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New Pentagon policy will bar most transgender people from serving
WASHINGTON (Reuters) - The U.S. Defense Department signed a memo on Tuesday that would enforce limitations on transgender people serving in the military, a policy that has been the subject of court challenges.
The policy will take effect on April 12 and will bar most transgender individuals from serving if they require hormone treatments or transition surgery.
The memo, signed by David Norquist, currently the No. 2 official at the Pentagon, will allow service secretaries to issue waivers on a case-by-case basis.
President Donald Trump announced in July 2017 a ban on transgender people serving in the military. He later accepted Pentagon recommendations to limit the ban to individuals with a history of gender dysphoria, defined as "those who may require substantial medical treatment," and allowing some exceptions.
A series of court challenges had put the policy on hold. But the U.S. Supreme Court in January lifted lower-court rulings that had blocked the policy, allowing it to go into effect.
Trump's decision to bar many transgender troops reversed a landmark 2016 policy of his Democratic predecessor, Barack Obama, to let transgender people for the first time serve openly in the armed forces and receive medical care to transition genders.
The decision prompted a stern rebuke from Democrat House Speaker Nancy Pelosi late Tuesday.
"The President's revival of his bigoted, disgusting ban on transgender servicemembers is a stunning attack on the patriots who keep us safe and on the most fundamental ideals of our nation," she said in a statement.
She also said that Trump's position represented prejudice, not patriotism.
Trump cited military focus and medical costs for rolling back the policy.
A 2016 Pentagon-commissioned study found that any impact on cost or military readiness from having transgender troops would be marginal. It estimated there were around 2,450 transgender troops at the time.
Advocates for transgender people criticized the Trump policy. "The Trump administration is determined to bring back 'don't ask, don't tell,' a policy that forced service members to choose between serving their country and telling the truth about who they were," Aaron Belkin, director of the Palm Center LGBT-rights think tank, said in a statement.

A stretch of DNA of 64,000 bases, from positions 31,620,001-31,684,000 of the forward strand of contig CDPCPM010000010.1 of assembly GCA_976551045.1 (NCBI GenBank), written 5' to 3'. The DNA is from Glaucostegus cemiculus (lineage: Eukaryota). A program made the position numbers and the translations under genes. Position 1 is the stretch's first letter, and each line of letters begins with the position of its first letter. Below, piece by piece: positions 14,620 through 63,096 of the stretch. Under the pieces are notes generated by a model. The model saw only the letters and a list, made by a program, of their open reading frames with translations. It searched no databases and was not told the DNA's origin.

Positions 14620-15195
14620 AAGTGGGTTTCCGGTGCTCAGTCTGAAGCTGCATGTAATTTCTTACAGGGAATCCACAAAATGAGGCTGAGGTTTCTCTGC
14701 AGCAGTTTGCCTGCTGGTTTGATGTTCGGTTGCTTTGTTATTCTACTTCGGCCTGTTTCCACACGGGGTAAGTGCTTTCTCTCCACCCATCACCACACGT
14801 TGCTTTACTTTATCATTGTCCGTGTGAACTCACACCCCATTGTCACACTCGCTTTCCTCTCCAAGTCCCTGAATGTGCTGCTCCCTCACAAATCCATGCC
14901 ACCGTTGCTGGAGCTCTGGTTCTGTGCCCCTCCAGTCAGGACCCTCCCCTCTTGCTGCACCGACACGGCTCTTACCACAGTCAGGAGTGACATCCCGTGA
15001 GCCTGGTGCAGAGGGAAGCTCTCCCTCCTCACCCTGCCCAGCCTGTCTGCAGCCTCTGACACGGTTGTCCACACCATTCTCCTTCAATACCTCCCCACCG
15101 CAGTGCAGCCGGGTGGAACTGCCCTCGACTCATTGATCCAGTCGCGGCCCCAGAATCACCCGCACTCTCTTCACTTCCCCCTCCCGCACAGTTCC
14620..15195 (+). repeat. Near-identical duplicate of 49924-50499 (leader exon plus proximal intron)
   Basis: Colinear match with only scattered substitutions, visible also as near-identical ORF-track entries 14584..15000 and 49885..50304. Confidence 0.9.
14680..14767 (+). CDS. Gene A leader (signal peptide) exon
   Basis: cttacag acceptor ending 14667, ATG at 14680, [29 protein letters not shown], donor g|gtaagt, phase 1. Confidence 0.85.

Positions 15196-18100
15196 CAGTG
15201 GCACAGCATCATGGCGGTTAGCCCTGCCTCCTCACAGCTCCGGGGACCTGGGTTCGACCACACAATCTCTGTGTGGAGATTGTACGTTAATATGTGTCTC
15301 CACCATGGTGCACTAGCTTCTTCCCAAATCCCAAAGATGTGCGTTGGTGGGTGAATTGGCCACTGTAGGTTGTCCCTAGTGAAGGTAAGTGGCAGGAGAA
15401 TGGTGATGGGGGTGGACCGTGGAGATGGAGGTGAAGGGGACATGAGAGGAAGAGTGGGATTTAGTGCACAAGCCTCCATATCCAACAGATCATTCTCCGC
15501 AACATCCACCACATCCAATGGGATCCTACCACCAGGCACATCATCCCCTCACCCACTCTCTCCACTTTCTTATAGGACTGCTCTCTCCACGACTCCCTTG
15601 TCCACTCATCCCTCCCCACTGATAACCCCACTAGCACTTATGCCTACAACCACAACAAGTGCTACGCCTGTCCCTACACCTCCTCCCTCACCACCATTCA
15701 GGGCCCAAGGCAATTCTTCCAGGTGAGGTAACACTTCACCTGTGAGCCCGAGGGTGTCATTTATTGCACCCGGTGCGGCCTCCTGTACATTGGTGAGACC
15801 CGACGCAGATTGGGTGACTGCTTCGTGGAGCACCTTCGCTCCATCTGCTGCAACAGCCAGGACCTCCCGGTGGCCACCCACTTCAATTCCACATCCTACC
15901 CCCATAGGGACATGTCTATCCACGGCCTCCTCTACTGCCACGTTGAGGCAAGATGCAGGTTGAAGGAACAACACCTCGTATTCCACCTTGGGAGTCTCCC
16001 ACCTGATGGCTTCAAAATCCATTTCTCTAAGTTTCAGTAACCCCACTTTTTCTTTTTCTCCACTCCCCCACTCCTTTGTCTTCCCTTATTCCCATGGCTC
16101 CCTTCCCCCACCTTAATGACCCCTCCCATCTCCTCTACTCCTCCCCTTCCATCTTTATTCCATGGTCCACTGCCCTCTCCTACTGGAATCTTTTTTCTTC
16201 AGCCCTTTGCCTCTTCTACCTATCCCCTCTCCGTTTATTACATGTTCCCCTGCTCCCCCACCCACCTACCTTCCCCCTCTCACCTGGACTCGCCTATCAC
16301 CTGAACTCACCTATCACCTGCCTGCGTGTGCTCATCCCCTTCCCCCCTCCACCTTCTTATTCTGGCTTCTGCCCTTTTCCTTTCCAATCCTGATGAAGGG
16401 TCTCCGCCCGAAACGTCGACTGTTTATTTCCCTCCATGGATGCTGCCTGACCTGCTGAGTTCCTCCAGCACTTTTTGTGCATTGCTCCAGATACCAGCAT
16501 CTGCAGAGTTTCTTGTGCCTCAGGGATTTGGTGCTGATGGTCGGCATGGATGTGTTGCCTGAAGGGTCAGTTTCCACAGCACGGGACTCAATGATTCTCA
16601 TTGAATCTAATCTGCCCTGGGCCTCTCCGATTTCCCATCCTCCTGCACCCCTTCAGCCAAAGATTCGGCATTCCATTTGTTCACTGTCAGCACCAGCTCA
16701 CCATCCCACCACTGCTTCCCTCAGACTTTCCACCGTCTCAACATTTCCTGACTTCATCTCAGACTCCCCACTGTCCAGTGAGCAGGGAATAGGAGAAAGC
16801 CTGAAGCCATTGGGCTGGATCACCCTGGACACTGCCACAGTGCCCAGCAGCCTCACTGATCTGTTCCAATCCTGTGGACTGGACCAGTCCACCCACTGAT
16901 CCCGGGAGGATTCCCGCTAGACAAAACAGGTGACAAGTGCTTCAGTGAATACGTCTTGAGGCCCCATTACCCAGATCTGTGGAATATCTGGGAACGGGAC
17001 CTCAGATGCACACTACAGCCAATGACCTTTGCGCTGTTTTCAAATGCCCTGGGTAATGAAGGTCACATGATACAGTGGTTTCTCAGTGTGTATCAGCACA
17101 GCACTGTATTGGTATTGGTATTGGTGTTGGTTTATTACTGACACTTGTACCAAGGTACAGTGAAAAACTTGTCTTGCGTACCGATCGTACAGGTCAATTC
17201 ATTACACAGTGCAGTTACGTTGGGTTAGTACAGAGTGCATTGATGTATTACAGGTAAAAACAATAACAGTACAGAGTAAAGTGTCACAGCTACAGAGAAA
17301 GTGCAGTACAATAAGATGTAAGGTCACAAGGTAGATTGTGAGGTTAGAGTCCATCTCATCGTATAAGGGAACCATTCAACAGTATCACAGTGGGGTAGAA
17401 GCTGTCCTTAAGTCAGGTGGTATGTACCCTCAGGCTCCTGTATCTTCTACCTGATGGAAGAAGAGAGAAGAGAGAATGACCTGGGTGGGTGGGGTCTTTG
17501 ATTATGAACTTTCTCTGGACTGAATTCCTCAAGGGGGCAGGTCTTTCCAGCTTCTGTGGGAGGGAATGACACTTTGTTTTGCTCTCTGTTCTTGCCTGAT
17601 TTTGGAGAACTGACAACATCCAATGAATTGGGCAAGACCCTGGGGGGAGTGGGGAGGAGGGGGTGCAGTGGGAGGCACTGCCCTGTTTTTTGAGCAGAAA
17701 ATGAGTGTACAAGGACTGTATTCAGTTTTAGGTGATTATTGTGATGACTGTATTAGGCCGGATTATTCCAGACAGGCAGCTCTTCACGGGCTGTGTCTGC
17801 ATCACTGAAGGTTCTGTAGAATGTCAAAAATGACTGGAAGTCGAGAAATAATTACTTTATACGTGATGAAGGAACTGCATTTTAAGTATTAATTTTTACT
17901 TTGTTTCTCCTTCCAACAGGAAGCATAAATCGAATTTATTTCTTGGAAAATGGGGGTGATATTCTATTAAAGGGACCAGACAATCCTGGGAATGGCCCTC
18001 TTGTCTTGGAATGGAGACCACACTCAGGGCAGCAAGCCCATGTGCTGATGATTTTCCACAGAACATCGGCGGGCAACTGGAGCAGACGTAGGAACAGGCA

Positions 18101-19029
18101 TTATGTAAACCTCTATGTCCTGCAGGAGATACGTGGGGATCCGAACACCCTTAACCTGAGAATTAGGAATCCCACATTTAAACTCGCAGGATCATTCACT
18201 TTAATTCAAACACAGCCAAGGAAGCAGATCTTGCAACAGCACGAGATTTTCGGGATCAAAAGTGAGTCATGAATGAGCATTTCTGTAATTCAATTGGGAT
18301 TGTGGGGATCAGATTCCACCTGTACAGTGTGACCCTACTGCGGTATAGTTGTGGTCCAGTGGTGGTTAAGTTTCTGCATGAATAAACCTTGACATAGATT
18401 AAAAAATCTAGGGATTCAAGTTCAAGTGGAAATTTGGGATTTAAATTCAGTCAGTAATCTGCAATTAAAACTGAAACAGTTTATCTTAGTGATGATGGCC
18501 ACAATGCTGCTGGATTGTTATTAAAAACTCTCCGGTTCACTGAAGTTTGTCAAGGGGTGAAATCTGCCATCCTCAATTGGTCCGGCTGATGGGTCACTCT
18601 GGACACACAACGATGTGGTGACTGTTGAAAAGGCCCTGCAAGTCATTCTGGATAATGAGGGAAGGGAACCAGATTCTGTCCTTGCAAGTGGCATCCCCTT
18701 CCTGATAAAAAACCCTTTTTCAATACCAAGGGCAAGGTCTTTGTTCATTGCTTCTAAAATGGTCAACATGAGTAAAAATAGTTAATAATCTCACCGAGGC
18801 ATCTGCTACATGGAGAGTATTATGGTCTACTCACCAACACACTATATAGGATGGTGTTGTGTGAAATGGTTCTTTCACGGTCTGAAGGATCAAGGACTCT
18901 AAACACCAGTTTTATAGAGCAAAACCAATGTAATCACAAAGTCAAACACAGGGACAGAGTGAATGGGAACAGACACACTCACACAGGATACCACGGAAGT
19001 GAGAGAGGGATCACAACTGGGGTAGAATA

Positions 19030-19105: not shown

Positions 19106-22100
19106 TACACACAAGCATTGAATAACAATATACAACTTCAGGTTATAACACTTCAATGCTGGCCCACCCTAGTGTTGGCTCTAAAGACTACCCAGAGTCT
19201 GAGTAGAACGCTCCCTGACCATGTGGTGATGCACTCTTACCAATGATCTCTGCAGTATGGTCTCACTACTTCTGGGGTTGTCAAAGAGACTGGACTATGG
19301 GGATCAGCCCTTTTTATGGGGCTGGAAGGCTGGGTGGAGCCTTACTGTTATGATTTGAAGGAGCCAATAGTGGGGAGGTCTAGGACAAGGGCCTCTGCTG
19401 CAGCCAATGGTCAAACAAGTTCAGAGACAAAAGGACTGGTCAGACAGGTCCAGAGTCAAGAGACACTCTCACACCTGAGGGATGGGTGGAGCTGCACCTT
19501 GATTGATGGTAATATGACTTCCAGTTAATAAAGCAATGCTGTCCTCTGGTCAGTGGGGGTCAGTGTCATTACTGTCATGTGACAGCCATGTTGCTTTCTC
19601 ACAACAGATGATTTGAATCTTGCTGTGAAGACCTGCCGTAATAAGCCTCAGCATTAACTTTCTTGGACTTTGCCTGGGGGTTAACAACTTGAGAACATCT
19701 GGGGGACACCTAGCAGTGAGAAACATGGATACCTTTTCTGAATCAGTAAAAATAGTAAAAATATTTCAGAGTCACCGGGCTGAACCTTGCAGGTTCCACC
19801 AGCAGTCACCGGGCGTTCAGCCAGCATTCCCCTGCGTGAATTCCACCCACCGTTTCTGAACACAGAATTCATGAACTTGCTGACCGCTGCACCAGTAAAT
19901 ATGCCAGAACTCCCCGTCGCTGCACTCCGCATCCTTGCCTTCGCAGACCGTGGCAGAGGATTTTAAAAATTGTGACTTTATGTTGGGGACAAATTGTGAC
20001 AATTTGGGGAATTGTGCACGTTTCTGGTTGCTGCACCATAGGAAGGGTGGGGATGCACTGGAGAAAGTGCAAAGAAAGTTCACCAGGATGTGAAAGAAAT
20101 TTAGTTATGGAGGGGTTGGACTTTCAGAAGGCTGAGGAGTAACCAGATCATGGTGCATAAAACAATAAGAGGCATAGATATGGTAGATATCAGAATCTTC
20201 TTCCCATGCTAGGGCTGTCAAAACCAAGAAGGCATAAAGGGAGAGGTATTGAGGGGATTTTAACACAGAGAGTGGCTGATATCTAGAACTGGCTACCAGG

(Reporting by Eric Beech and Idrees Ali; additional reporting by Rich McKay; Editing by Peter Cooney)
WASHINGTON (Reuters) - President Donald Trump said on Sunday that he discussed Democratic presidential hopeful Joe Biden and his son in a call with Ukraine's president.
Trump's statement to reporters about his July 25 call with Ukrainian President Volodymyr Zelensky came as the Democratic leader of a key congressional panel said the pursuit of Trump's impeachment may be the "only remedy" to the situation.
The USS Eagle 56 was only five miles off the coast of Maine when it exploded.
The World War I-era patrol boat split in half, then slipped beneath the surface of the North Atlantic. The Eagle 56 had been carrying a crew of 62. Rescuers pulled 13 survivors from the water that day. It was April 23, 1945, just two weeks before the surrender of Nazi Germany.
The U.S. Navy classified the disaster as an accident, attributing the sinking to a blast in the boiler room. In 2001, that ruling was changed to reflect the sinking as a deliberate act of war, perpetuated by German submarine U-853, a u-boat belonging to Nazi Germany's Kriegsmarine.
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Then, a group of friends and amateur divers decided to try to find the wreck in 2014. After years of fruitless dives and intensive research, New England-based Nomad Exploration Team successfully located the Eagle 56 in June 2018.
Business Insider spoke to two crew members — meat truck driver Jeff Goodreau and Massachusetts Department of Corrections officer Donald Ferrara — about their discovery.
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Blindfolded and nearly out of breath, Tice spoke in Arabic before breaking into English:"Oh Jesus. Oh Jesus."
That was from a video posted on YouTube on Sept. 26, 2012, several weeks after Tice went missing near Damascus, Syria, while working as a freelance journalist for McClatchy and the Washington Post.
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